Targeted receivers are also affected because the targeted receivers have to wait until the long preamble is received, causing increased energy consumption. X-MAC uses a short preamble message to reduce the energy consumption and latency, but one disadvantage of X-MAC is that the destination address of the node is inserted into each short preamble message. X-MAC forces all nodes to check the preamble to determine whether they are targeted nodes, which increases energy consumption and the duty cycle wake-up process.

X-MAC is based on an asynchronous mechanism, and no schedule of neighbor nodes is maintained, making it more difficult for each node to send data without prior scheduling information. Unlike X-MAC, BN-MAC deploys both asynchronous features for sending short preamble messages to obtain the list of one-hop neighbor nodes and synchronous features for fixing the schedule with the intended neighbors.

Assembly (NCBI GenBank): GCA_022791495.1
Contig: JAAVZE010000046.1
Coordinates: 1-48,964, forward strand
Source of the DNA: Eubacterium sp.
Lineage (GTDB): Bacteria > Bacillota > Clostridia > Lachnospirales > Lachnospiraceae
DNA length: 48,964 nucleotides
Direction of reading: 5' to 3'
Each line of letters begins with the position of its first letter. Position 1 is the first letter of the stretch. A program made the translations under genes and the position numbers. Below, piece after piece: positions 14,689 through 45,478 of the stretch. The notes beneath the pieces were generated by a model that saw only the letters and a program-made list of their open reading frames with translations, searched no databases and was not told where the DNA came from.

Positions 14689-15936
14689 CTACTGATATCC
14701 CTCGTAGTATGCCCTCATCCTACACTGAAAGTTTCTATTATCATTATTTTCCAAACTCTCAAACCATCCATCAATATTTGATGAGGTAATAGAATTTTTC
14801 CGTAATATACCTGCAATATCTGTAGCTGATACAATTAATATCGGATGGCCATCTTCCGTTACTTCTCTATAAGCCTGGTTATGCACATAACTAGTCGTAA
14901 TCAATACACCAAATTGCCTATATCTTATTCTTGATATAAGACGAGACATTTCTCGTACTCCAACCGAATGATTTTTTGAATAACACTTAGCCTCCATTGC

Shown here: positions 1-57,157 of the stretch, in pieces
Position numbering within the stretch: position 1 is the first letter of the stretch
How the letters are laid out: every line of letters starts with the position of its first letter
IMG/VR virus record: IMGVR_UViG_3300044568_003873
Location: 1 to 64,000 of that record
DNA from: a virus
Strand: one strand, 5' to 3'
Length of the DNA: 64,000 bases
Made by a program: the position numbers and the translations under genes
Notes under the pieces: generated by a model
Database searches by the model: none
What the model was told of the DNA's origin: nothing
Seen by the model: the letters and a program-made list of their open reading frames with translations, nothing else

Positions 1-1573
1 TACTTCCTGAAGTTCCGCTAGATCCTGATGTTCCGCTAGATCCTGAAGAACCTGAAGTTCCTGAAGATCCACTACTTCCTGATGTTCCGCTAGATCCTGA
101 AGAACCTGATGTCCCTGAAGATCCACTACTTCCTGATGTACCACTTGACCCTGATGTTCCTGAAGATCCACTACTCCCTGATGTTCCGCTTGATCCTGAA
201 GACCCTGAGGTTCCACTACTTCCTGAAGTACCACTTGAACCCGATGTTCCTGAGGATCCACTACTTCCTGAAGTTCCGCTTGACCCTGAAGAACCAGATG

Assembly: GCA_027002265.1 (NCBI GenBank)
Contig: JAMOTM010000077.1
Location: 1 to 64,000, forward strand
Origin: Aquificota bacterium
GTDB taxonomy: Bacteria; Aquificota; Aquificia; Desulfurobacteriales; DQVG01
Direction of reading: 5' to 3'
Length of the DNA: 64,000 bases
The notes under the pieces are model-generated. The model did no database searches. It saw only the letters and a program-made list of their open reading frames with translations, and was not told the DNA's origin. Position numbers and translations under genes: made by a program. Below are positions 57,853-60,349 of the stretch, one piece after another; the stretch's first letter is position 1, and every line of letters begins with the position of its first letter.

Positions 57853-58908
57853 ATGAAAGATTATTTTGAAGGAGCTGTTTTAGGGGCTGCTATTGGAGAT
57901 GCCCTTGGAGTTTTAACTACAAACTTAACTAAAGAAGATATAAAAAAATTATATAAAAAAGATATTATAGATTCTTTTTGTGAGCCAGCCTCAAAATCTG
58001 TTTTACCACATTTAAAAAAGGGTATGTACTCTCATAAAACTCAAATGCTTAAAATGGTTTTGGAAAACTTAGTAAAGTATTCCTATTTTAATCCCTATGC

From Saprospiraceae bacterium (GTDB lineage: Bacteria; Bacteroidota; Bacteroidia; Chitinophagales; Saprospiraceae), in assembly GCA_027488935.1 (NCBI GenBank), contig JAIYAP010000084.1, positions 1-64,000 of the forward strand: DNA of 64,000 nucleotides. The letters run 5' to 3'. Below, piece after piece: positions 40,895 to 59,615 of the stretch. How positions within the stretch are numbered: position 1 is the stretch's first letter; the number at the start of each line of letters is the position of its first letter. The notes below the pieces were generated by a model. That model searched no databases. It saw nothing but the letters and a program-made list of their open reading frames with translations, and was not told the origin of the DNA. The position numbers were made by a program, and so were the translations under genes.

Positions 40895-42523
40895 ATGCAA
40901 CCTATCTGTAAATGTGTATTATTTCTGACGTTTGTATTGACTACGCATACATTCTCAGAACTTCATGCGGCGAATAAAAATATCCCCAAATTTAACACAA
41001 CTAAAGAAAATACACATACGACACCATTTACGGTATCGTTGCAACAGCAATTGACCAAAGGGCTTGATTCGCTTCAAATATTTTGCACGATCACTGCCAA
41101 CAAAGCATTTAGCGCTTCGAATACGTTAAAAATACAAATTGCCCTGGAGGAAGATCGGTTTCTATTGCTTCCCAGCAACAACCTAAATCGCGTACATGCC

The MAC protocol should be capable of handling spatial correlation while also adjusting to changes in the number of competing nodes [ 35 ]. When multiple nodes want to communicate with the same neighbor node within the region, BN-MAC uses a slotted contention window. Then, the nodes randomly select a slot in the contention window. The winner of the slot obtains access to the medium for communication. Thus, there is small probability of collision at the medium. BN-MAC has another feature the helps to reduce packet loss. If multiple nodes attempt to select the same slot, BN-MAC uses sampling and randomization such that each node has an equal probability of accessing the channel.